Sen. Lindsey Graham (R-SC) told reporters on Wednesday that there would be “hell to pay” if Saudi Arabia killed Khashoggi. “I’ve never been more disturbed than I am right now,” Graham continued. “If this man was murdered in the Saudi Consulate in Istanbul, that would cross every line of normality in the international community.”

And Sen. Tim Kaine (D-VA) tweeted his support for the journalist and said his disappearance was “personal.”

On Wednesday, a bipartisan group of senators turned up the pressure on the Trump administration by requesting that the US impose sanctions on anyone who was responsible for the journalist’s disappearance.

“The recent disappearance of Saudi journalist and Washington Post columnist Jamal Khashoggi suggests that he could be a victim of a gross violation of internationally recognized human rights,” the letter reads.

The senators’ letter triggered something called the Global Magnitsky Act, which allows the US to sanction individuals who have committed human rights abuses anywhere in the world. The Trump administration now has 120 days to look into the matter and decide.

Trump may still fail to hold the authorities who are responsible accountable, but the administration is now required to investigate the issue further.

The Khashoggi case is also affecting Saudi Arabia’s business ventures

The incident has had a broader effect on Saudi Arabia’s business ventures as well.

The monarchy is in the process of building a futuristic city called Neom — a $500 billion project — and three members of its advisory board, including former US Energy Secretary Ernest Moniz, announced they were suspending their participation in the project this week.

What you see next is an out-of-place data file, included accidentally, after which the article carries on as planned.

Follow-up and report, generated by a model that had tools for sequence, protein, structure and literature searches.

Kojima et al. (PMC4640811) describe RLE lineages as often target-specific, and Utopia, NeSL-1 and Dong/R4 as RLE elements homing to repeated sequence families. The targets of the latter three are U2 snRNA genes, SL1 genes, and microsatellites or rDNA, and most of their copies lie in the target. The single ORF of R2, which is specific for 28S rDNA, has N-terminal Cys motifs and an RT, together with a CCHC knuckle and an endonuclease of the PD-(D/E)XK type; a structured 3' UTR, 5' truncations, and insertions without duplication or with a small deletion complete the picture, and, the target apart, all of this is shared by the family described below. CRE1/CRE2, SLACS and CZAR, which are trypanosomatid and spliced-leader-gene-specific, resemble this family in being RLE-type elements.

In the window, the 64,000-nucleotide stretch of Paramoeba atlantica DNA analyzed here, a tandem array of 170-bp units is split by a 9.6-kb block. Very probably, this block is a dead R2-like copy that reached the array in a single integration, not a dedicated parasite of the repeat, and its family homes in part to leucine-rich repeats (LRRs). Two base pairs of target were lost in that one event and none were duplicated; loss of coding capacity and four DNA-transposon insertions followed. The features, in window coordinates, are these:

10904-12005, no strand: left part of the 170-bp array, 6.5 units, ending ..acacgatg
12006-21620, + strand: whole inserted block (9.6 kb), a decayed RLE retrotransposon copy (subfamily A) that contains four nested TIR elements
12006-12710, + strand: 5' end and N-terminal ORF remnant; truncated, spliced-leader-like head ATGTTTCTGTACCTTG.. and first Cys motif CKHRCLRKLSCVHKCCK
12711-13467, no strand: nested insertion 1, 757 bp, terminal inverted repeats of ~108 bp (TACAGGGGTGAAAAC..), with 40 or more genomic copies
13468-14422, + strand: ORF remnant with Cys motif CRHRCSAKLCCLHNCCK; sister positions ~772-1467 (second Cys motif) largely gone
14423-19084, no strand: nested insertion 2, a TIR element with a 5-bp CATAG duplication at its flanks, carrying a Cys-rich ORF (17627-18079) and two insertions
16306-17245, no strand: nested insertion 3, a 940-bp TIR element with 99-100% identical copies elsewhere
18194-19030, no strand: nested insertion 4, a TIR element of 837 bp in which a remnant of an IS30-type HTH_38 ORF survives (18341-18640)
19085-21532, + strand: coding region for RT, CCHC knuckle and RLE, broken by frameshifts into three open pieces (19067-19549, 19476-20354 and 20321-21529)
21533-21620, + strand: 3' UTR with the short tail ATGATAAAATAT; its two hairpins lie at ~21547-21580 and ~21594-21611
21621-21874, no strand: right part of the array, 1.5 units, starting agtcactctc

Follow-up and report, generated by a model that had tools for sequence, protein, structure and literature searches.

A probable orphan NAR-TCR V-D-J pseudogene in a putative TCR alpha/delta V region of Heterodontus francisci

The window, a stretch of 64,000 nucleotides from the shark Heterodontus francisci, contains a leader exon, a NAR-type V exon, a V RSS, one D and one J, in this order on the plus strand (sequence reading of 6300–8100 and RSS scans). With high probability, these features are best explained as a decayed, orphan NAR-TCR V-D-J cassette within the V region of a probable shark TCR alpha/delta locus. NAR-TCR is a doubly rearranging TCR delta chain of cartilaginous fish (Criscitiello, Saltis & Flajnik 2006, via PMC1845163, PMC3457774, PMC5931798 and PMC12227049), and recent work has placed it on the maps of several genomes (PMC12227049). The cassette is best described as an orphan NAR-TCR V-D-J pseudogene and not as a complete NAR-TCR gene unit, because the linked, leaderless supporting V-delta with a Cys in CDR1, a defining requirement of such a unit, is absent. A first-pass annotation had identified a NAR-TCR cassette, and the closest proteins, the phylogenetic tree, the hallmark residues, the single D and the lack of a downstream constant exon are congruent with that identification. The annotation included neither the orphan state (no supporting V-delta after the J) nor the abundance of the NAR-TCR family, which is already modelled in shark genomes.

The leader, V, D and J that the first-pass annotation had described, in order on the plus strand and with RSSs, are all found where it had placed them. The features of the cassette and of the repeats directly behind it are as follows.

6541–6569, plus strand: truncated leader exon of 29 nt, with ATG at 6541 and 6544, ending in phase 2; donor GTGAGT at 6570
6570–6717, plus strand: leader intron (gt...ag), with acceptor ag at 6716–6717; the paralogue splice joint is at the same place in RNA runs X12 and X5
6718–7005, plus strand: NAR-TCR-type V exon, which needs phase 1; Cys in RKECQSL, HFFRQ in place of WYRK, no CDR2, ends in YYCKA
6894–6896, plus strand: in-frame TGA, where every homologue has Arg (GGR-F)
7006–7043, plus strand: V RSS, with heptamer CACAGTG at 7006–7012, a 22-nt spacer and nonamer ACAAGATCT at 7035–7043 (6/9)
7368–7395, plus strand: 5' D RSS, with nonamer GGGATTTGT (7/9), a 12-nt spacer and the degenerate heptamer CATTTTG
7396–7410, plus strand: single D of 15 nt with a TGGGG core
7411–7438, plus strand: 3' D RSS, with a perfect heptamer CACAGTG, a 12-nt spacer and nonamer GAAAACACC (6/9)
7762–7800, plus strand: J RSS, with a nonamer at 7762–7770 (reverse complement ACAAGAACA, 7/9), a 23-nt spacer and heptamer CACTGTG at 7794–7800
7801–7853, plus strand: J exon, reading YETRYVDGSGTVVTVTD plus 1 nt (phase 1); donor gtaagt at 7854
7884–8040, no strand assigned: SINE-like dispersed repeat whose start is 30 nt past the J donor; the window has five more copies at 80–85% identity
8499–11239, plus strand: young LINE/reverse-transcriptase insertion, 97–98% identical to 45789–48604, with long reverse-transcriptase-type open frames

The New York Times also announced it was withdrawing its sponsorship of a major Saudi investment conference nicknamed “Davos in the Desert,” which is set to take place in Riyadh later this month.

“In light of the current situation related to the disappearance of the Washington Post’s Jamal Khashoggi at the Saudi consulate in Turkey, we are no longer comfortable being associated with the event,” a Times spokesperson told CNN.

The editor-in-chief of the Economist, who was a scheduled speaker, and Huffington Post editor-in-chief Arianna Huffington have canceled their plans to attend as well.

But despite the fact that Saudi Arabia is likely behind the disappearance and murder of the prominent journalist, it’s unclear if the president will be willing to punish the country or respond in a substantive way.

Trump told reporters at the White House on Thursday that though he didn’t like the fact that Khashoggi had disappeared under mysterious circumstances, he didn’t want to risk losing a very lucrative arms deal with Saudi Arabia.

“This took place in Turkey, and to the best of our knowledge, Khashoggi is not a United States citizen, he’s a permanent resident,” the president said. “We don’t like it, even a little bit. But as to whether or not we should stop $110 billion from being spent in this country, knowing they [Saudi Arabia] have four or five alternatives, two very good alternatives, that would not be acceptable to me.”

But regardless of Trump’s apparent unwillingness to consider taking serious measures over the fate of one permanent US resident, one thing is clear: This issue is not going away. And Saudi Arabia would do well to take note.